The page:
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I scored just 224.3 FanDuel points with Friday's lineup, my worst showing in two weeks, and that didn't come as much of a surprise. In the aftermath of a normal trade deadline, it can take a few days to sort through everything; Thursday's deadline was no normal trade deadline. 37 players switched places, including a bevy of starting point guards, arguably the most important players in today's NBA.
With a full weekend of games, we still don't quite know what we can and cannot rely on. The fact that a trio of massive injuries hit Chris Bosh, Anthony Davis and Kevin Durant only threw more confusion on top of things, and those injuries will impact Monday's games heavily. The Heat will play their second game without Bosh, while the Pelicans will have to sort out life without both Davis and Ryan Anderson for at least the next few weeks.
All of that is to say that it's hard to know exactly what to expect tonight. This is an imperfect science at best, but I generally like to build my lineup around a few relative sure things. With so much still in flux, however, this feels like a night when you just throw things at the wall and see what sticks. There are a few players I feel confident in, sure, not as much as usual. In one iteration of my lineup, I had $1,900 left over, and had to take Isaiah Canaan out; I have no idea if that will work out for me.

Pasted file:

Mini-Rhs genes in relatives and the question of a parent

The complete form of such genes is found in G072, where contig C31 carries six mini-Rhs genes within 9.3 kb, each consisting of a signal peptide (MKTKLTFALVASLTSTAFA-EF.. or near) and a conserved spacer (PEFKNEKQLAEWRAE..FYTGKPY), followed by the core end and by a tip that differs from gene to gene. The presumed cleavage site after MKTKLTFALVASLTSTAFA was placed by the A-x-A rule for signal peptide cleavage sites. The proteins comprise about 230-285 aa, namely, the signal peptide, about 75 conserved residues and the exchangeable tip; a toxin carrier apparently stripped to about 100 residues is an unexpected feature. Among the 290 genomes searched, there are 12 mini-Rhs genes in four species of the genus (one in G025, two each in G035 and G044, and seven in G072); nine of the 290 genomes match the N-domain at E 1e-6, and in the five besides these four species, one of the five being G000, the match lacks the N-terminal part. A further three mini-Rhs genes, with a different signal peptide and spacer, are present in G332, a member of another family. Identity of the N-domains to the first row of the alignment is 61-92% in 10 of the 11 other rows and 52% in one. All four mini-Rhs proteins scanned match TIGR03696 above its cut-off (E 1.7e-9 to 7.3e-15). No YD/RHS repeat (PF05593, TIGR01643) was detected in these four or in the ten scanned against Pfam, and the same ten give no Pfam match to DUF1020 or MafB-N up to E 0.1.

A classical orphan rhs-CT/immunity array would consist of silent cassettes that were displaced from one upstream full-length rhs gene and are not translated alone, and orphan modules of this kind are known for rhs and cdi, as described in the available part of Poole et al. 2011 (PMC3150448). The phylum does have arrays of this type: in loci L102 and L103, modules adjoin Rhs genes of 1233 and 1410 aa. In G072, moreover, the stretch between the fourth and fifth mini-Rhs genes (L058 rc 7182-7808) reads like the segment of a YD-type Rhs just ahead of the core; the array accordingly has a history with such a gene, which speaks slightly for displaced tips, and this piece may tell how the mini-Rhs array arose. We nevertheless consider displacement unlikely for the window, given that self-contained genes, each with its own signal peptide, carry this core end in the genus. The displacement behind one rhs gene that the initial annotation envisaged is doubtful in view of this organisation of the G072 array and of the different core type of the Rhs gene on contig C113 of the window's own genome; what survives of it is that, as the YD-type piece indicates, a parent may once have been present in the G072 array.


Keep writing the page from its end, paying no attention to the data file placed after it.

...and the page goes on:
Tonight is a good night to throw out a couple of different lineups in a big tournament and see if you can hit big on something. There are a lot of high variance options out right now, so the smartest approach might be to hedge your bets and see if you can get lucky.
Philadelphia at Miami
Combined FanDuel points allowed per game: 393.3
Miami started running in their first game with Goran Dragic, and they probably won't stop tonight. Hassan Whiteside should absolutely dominate this one, and might be a must-play outside of tournament games.